Why wouldn’t they just say that?

A reader commented on my ScrollPane article, saying “why wouldn’t they just say that?”

I’ve found myself asking this question more and more as I’ve been diving into Flex and ActionScript 3.

For example, here is how to get the name of the root node of an XML object:

AS2:

myXML.childNodes[0].nodeName;

AS3:

myXML.name();

In AS3, nodeName has mysteriously disappeared, and the Migration Guide makes no mention of name() as its new equivalent.

In fact, the XML Class Definition for ActionScript 3 describes name() as “Gives the qualified name for the XML object.”, which led me to believe it was relevant only namespace-qualified XML tags and not useful for getting a root node’s name.

Splitting hairs, perhaps, but a good little tip nonetheless.

, , ,

Advertisements
  1. #1 by Dan Wilday on January 26, 2007 - 5:01 pm

    I don’t have anything on my machine here at work to test it so I’ll just ask:
    is myXML.name() actually a method or is .name a property of the XML Object?

    So, am I correct in assuming that you no longer have to navigate through root node but can jump right into the child nodes of the XML?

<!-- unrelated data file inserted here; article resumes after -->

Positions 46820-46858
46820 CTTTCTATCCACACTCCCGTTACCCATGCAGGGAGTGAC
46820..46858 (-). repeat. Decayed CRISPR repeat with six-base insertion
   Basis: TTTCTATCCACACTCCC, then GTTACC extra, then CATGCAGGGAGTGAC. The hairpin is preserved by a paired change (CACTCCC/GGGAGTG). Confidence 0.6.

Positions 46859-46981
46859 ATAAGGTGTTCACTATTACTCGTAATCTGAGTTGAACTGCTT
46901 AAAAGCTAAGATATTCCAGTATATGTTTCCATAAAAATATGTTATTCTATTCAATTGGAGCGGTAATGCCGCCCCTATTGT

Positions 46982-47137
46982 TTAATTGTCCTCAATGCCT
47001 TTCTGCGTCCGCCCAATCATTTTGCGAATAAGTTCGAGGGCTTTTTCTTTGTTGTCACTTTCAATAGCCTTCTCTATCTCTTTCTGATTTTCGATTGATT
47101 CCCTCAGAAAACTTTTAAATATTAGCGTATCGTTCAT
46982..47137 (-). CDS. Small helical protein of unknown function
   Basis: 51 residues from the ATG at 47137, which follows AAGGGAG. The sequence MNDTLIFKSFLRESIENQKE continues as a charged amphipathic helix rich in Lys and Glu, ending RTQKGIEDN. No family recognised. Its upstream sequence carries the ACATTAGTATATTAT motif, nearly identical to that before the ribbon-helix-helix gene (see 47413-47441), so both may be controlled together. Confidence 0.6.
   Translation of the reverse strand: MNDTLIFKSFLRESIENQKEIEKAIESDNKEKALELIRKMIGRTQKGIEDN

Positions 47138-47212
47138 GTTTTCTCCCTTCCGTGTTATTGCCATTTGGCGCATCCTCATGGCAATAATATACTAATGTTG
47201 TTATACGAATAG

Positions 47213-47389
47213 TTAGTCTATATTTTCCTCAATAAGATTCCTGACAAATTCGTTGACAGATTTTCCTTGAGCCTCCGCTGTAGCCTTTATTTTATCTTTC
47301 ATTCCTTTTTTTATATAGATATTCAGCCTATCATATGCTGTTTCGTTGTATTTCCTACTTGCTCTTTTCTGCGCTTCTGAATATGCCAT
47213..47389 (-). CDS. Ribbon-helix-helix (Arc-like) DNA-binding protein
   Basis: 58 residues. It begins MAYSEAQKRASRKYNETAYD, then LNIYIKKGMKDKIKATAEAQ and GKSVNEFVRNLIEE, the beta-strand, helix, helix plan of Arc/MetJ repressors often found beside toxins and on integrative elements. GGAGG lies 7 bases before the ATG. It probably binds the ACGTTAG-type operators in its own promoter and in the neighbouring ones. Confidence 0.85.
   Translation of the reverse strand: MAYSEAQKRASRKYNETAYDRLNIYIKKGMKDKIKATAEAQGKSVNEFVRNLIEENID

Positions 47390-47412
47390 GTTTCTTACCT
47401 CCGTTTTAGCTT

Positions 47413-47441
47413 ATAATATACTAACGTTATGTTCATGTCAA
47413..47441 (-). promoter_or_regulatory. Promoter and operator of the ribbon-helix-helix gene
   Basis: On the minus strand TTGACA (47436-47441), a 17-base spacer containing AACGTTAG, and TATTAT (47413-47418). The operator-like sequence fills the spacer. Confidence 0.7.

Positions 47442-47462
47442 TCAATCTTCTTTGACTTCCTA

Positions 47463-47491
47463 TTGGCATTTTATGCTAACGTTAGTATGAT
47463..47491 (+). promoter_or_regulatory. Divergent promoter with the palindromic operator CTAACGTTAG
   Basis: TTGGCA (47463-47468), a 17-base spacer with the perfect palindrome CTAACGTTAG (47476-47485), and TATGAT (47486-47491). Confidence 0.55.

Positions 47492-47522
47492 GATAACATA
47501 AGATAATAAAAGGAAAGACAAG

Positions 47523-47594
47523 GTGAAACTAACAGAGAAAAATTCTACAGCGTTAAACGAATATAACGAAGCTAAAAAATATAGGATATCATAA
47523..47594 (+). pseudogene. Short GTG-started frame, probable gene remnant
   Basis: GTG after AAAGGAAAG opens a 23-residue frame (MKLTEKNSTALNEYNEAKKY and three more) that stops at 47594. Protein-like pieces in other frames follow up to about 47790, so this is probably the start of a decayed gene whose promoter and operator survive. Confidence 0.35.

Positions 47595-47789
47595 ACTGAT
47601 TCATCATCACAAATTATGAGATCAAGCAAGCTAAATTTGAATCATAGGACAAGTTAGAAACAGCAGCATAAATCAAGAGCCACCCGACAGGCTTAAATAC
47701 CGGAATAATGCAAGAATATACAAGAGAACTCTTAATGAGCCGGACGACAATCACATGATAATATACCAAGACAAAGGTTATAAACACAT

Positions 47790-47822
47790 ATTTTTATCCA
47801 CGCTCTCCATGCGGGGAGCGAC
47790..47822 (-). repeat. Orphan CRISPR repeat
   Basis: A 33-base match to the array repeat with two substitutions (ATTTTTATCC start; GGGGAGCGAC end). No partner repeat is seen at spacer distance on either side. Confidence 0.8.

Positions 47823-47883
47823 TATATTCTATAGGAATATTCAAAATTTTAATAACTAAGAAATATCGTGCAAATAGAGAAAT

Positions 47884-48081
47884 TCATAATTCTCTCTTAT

For example to get the fourth childNode of an XML object is AS2 you’d do the following:
    myXML.firstChild.childNode[3];

    Am I correct in assuming they’ve killed this in AS3 allowing you to use just the following:
    myXML.childNode[3];

  2. #2 by admin on January 29, 2007 - 10:50 am

    myXML.name() is a built-in method for getting the root node’s name, regardless of whether it’s namespace-qualified or not.

    your assumption is almost corrected but the syntax is different in AS3:

    myXML.children()[3];

    There are code zealots out there who would take issue with having () and [] right next to each other, but meh, I just need this to work.

Leave a Reply

Please log in using one of these methods to post your comment:

WordPress.com Logo

You are commenting using your WordPress.com account. Log Out / Change )

Twitter picture

You are commenting using your Twitter account. Log Out / Change )

Facebook photo

You are commenting using your Facebook account. Log Out / Change )

Google+ photo

You are commenting using your Google+ account. Log Out / Change )

Connecting to %s

  • Least-Old Tweets

    Error: Twitter did not respond. Please wait a few minutes and refresh this page.

%d bloggers like this: